Comparable sensitivity and specificity was noted among both techniques for detection of bone deposits with the 18 FDG-PET/CT showed slightly better sensitivity 86.96% versus 84.62% and DWIBS better specificity 90.0% compared to 85.0%. This was attributed to slightly lower DWIBS false-positive results compared to PET-CT. Both techniques were sharing some difficulties in the specification of the bone marrow lesions within severe spondylodegenerative and porotic changes; however, this was more obvious with DWIBS rather than 18 FDG-PET/CT.[12],[17]

However, others demonstrated that DWIBS is superior to PET/CT and bone scan in the detection of bone metastases especially in pelvic cavity with the advantage of no ionizing radiation and the many false-negative results of PET/CT overlocked by degenerative changes.[12]

Our results showed clearly higher specificity for 18 FDG-PET/CT (81.82%) in the characterization of pulmonary lesions compared to MR DWIBS (63.64%). Moreover, the sensitivity indices were also significantly higher (90.0%) than that of DWIBS (65.0%). Technical difficulties and motion artifacts in thoracic region are the main reasons for relatively high false-positive and false-negative DWIBS results.

Wenkel et al. and Stadlbauer et al. focused on ADC cutoff values for benign and malignant lesions which ranged between 1.1 × 10−3 mm 2/s and 1.6 × 10−3 mm 2/s. In the current study, a relatively lower ADC cutoff value was obtained (0.9415 × 10−3 mm 2/s) with 100% sensitivity and 84.2% specificity. This finding may be attributed firstly to the inclusion of more frequent malignant breast lesions, and second, that other studies with higher cutoff value were using conventional DWI and not the newly introduced DWIBS. The addition of fat signal suppression in the technique of DWIBS may produce more diffusion restriction results.[5],[18]

The current work suffered from several limitations: This study included a limited number of patients with different pathology, age and duration of disease; therefore, no significant difference was achieved between DWIBS and PET/CT in overall results. The reference of standard lesions in the current study was partially based and not fully on histopathological data, as multiple biopsies from several lesions is not ethically or clinically applicable. Instead, clinical outcome data obtained through clinical follow-up, multiple laboratory and radiological imaging evaluation were satisfactory and used as a reference. The limited number of benign lesions particularly in local assessment interfered with the achievement of a conclusive result in differentiation between benign and malignant lesions in both techniques. Accurate comparative quantification using ADC and SUV was not done during the current study as technical and motion artifacts in DWIBS interfere with performing such comparative quantification. Finally, the availability and cost stay behind this limitation.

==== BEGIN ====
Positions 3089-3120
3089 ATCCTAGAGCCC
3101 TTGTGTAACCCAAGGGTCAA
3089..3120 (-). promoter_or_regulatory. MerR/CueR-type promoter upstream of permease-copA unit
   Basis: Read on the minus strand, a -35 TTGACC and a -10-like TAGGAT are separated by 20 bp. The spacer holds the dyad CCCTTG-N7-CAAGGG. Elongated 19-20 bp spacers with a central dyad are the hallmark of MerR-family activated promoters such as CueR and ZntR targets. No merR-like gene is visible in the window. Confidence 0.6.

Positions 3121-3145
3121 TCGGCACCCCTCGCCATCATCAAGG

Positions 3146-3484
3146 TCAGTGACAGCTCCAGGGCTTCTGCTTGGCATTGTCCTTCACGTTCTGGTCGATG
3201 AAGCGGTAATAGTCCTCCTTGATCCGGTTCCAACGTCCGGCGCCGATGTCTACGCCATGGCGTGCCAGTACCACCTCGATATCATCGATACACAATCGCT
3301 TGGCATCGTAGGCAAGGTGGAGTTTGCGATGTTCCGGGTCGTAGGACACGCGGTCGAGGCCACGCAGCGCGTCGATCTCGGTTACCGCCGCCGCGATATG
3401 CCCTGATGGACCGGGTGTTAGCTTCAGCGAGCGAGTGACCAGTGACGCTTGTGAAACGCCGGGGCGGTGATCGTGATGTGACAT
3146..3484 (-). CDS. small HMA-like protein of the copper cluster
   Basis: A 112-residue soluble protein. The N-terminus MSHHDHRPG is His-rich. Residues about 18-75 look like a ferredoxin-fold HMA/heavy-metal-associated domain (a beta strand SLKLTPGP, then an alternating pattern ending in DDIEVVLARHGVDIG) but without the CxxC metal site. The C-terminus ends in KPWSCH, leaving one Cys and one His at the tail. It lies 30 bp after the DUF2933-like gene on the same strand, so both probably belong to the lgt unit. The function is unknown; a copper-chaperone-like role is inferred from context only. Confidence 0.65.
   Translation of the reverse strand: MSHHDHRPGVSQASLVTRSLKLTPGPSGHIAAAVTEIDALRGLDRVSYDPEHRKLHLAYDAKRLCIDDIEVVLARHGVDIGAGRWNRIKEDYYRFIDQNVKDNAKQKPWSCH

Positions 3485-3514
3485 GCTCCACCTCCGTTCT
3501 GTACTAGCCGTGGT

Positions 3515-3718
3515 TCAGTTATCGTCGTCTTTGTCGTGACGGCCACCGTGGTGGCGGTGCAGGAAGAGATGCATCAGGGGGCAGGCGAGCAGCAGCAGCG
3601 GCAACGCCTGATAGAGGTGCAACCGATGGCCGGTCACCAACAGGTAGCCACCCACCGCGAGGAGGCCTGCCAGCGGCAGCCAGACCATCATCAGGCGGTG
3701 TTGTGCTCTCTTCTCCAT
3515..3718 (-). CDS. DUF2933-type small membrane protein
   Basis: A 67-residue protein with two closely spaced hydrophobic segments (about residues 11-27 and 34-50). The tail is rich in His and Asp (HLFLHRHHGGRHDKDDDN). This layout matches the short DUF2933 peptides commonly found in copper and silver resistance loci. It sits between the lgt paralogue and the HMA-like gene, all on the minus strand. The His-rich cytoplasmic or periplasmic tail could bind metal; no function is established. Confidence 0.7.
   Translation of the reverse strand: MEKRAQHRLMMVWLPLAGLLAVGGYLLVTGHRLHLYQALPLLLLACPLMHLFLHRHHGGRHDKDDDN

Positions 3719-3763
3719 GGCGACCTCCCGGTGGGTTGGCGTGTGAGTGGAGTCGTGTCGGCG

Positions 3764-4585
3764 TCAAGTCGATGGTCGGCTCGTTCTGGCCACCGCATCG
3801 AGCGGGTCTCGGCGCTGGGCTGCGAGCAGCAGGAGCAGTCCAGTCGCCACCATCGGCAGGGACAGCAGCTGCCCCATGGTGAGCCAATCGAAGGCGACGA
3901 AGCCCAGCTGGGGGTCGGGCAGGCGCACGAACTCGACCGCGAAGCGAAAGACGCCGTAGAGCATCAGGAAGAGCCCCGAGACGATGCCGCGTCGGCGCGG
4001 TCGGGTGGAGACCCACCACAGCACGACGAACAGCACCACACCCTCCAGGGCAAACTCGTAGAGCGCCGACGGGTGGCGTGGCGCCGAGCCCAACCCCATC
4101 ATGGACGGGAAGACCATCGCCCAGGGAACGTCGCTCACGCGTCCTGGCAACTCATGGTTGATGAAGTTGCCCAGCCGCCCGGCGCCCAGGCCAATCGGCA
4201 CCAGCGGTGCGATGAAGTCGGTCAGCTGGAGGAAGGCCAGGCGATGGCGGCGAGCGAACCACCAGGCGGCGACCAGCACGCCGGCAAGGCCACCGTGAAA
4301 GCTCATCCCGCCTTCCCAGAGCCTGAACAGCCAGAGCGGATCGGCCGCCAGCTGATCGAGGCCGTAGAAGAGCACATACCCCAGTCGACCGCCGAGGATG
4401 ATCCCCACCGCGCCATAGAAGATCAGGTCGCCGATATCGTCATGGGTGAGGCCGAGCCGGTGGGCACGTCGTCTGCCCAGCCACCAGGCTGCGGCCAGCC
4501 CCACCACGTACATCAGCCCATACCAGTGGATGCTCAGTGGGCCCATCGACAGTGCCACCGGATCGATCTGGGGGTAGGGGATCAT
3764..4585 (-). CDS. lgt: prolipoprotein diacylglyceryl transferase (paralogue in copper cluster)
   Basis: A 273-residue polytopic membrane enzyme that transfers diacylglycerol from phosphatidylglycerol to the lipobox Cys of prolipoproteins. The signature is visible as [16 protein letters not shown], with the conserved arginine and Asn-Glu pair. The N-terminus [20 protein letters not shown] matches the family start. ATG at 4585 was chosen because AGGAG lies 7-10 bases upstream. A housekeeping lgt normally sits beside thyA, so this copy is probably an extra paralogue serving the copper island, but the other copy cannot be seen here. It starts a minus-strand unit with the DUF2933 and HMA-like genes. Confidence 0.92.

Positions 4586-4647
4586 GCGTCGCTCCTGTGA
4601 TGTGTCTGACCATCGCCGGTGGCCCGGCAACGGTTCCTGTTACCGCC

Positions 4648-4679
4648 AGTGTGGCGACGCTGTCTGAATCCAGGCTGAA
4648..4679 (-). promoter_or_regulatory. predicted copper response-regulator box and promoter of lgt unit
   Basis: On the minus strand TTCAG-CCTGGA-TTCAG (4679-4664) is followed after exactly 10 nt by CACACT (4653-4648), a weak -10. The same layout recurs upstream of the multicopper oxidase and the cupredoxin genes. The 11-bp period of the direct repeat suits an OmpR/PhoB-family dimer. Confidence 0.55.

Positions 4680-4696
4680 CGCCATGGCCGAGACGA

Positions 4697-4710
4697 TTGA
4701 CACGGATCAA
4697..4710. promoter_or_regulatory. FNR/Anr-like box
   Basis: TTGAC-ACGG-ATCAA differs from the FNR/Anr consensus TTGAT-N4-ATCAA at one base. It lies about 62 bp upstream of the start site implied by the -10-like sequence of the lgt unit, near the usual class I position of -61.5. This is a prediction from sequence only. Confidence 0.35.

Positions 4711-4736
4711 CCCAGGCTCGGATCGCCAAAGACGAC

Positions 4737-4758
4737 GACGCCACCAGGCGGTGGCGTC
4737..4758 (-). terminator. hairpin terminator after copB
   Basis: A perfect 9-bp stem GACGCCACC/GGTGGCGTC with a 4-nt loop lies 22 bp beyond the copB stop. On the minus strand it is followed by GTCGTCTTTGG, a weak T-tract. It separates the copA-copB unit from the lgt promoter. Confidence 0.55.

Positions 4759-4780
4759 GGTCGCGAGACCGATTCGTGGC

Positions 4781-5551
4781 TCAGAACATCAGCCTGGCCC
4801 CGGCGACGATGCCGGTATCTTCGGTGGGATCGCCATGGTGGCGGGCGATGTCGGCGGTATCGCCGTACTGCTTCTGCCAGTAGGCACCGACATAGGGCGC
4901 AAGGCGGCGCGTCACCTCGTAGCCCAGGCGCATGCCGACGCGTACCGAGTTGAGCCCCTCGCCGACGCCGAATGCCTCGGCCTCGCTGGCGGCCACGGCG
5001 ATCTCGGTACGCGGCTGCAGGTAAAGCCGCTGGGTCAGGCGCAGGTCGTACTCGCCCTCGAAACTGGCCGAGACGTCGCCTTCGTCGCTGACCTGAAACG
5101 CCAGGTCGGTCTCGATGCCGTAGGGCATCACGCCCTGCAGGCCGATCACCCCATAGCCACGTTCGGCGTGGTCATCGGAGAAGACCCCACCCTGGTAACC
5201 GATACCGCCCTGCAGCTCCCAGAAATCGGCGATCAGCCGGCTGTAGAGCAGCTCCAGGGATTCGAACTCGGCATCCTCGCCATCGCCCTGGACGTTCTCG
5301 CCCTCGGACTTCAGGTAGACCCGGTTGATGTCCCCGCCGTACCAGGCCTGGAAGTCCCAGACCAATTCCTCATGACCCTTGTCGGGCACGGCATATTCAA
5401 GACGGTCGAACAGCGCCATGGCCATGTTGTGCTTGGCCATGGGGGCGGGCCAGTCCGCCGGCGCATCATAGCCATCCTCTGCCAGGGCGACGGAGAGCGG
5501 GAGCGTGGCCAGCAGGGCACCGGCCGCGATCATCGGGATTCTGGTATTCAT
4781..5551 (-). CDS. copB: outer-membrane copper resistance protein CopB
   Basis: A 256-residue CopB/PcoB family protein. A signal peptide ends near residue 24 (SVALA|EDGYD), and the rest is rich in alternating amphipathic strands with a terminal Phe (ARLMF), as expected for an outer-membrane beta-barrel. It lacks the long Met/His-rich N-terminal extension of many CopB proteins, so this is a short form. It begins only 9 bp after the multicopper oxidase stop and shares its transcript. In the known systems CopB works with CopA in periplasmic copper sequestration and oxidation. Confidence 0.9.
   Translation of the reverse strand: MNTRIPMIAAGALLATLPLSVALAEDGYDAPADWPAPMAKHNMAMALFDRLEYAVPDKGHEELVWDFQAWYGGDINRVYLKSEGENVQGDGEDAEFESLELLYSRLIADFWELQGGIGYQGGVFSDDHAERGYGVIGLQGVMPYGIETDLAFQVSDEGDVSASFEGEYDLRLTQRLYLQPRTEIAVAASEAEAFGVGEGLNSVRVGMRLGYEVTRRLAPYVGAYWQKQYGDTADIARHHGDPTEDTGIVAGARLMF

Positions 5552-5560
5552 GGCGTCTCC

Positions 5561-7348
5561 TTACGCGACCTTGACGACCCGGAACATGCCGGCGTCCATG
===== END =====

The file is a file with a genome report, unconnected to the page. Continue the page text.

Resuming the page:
On the other hand, the strength of the current study relies on its novel prospective nature in comparing 18 FDG-PET/CT and DWIBS in different regions (e.g., local, nodal, and distant). Second, all patients in this work performed 18 FDG-PET/CT and DWIBS within a short time interval (one month) without therapy in-between to avoid change in disease status. Technical precautions that permit satisfactory imaging yield by DWIBS were strictly followed. One of the advantages is the fusion technique that we used in this study and mentioned by other authors as Tsushima et al. which illustrated that DWIBS/anatomical MRI fusion had a potential role in high sensitivity and specificity indices, in addition, the postprocessed MIPs, and PET-like images which are very attractive for demonstration purposes; however, the source images should always be consulted, because subtle lesions may be missed or obscured in projected images.[1],[19],[20]

Considering its safety and patient tolerance, the future alternative role of DWIBS technique compared to PET/CT has to be determined. Although diffusion images are a powerful new tool that improves the sensitivity and specificity of classical anatomical image but not providing metabolic information, it is really unlikely to completely exclude PET/CT.


   Conclusion Top


18 FDG-PET/CT is more sensitive and has superiority in the assessment of nodal and distant lesions in patients with recurrent breast cancer than DWIBS that have a potential superior role in the assessment of local breast lesions. DWIBS has a promising complementary tool for 18 FDG-PET/CT in the evaluation of patients with malignancies. Further studies should be recommended to minimize its artifacts and improve its feasibility for diagnosis.

Financial support and sponsorship

Nil.

Conflicts of interest

There are no conflicts of interest.



 
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    Figures

  [Figure 1], [Figure 2], [Figure 3], [Figure 4], [Figure 5]
 
 
    Tables

  [Table 1], [Table 2], [Table 3], [Table 4]